16

Some lament their long-gone hair

When chemo steals it, leaves them bald.

Some wear hats to hide behind,

While others flash their flowing scarves.

 

Like hamsters falling from their heads,

Large clumps fall out and make them cry—

But that’s not how my headgear feels;

Mine is a symbol that I’m winning a fight.

Mine is my warrior helmet bright.

Mine tells the world that I’m not afraid

To wear hats or wigs—to go hairless in spite!

 

One friend wore wigs,

Though they itched worse than fleas.

She covered her pate with the greatest of ease

With a straw farming hat just as sweet as you please.

 

One stood on the backstep,

Each day in the breeze,

And flung her gold locks

To the birds in the trees,

With prayers up to God as she tossed it around,

To line their nests with a gift of soft down.

 

Another sweet lady,

Though age-spotted and old,

Skipped out on the wig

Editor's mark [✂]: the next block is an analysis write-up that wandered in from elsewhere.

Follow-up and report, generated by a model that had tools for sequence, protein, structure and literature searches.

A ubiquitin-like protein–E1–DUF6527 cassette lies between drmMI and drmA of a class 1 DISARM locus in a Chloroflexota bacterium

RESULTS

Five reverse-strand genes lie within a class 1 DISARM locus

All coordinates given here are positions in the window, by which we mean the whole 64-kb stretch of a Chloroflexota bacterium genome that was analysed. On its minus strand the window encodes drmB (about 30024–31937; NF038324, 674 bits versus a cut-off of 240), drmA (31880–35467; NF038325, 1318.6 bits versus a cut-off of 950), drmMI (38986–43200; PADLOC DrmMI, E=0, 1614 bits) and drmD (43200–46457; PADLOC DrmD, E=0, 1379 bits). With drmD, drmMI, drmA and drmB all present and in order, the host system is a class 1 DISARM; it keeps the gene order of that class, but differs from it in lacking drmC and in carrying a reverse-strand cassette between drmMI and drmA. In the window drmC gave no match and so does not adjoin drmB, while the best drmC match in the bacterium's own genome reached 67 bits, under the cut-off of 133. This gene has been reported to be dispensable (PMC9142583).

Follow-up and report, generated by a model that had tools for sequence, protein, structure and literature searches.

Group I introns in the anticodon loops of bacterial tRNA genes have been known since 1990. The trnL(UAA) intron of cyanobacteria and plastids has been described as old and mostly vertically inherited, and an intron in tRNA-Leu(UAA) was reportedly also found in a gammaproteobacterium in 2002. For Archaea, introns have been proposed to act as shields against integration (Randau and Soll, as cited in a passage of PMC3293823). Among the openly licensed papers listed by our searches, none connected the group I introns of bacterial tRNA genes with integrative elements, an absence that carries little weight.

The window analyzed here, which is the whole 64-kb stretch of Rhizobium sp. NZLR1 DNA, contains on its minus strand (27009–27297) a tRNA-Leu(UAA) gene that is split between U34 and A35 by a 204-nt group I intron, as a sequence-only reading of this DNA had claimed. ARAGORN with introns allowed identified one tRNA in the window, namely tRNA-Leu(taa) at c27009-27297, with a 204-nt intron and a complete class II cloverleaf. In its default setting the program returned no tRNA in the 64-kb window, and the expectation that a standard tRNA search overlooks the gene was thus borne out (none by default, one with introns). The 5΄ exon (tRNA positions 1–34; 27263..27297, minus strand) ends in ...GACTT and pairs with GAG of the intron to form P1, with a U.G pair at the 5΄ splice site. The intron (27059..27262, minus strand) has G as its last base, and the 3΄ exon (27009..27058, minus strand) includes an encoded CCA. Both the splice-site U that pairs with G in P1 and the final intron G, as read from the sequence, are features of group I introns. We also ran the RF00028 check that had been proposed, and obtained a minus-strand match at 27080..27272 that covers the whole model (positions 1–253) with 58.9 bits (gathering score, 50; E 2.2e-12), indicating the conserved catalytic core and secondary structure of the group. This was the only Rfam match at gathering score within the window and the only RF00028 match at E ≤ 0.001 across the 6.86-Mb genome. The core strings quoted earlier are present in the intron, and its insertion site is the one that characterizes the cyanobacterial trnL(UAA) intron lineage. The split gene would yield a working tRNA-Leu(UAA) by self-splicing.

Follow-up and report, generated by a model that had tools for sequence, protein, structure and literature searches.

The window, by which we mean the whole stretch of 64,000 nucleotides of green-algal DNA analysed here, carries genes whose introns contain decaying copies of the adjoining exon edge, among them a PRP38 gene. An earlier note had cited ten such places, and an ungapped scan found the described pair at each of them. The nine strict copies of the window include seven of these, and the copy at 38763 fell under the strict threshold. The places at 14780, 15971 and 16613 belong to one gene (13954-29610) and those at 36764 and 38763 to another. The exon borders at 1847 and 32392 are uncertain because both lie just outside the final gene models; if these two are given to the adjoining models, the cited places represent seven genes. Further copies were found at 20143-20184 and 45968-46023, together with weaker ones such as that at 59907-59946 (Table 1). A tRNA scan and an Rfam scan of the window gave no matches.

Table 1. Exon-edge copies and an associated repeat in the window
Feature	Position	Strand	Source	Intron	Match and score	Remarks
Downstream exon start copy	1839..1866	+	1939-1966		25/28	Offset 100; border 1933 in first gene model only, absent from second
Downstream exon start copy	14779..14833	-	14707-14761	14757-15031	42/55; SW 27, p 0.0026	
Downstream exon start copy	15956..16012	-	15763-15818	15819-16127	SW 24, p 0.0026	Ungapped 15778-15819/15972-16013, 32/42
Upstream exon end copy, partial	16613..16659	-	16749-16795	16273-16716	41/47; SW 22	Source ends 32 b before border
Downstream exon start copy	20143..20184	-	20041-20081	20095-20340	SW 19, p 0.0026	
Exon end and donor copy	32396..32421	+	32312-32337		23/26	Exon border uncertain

Laced with silver and gold—

And instead, got hairdos to wear that were PINK!

And made a statement far bolder, I think.

Than to camouflage her head in retreat

As if nothing was different, and all was complete.

 

And yet still another wore baseball caps,

She wasn’t athletic, but stood staunchly ‘at bat’.

She beat all the odds; she beat all the stats,

Outlasting the chemo and growing it back.

She grew back her lashes, her eyebrows and all.

And gave all the caps to some kid who plays ball.

 

Me, I still have boxes of hats from my Mom,

Who lost her battle and now is gone.

We’d ‘dress to the nines’ on Infusion Day.

Hats, shoes and jewelry, in warrior array.

Because dignity, pride, and holding your ground

Are just as important as the hair on one’s crown

 

If what’s on the inside marks what on your head,

If the hair’s not just for beauty, but battle instead,

Then bring on the armor, and I’ll fight like a bear.

It’s all about battle—and not about hair!

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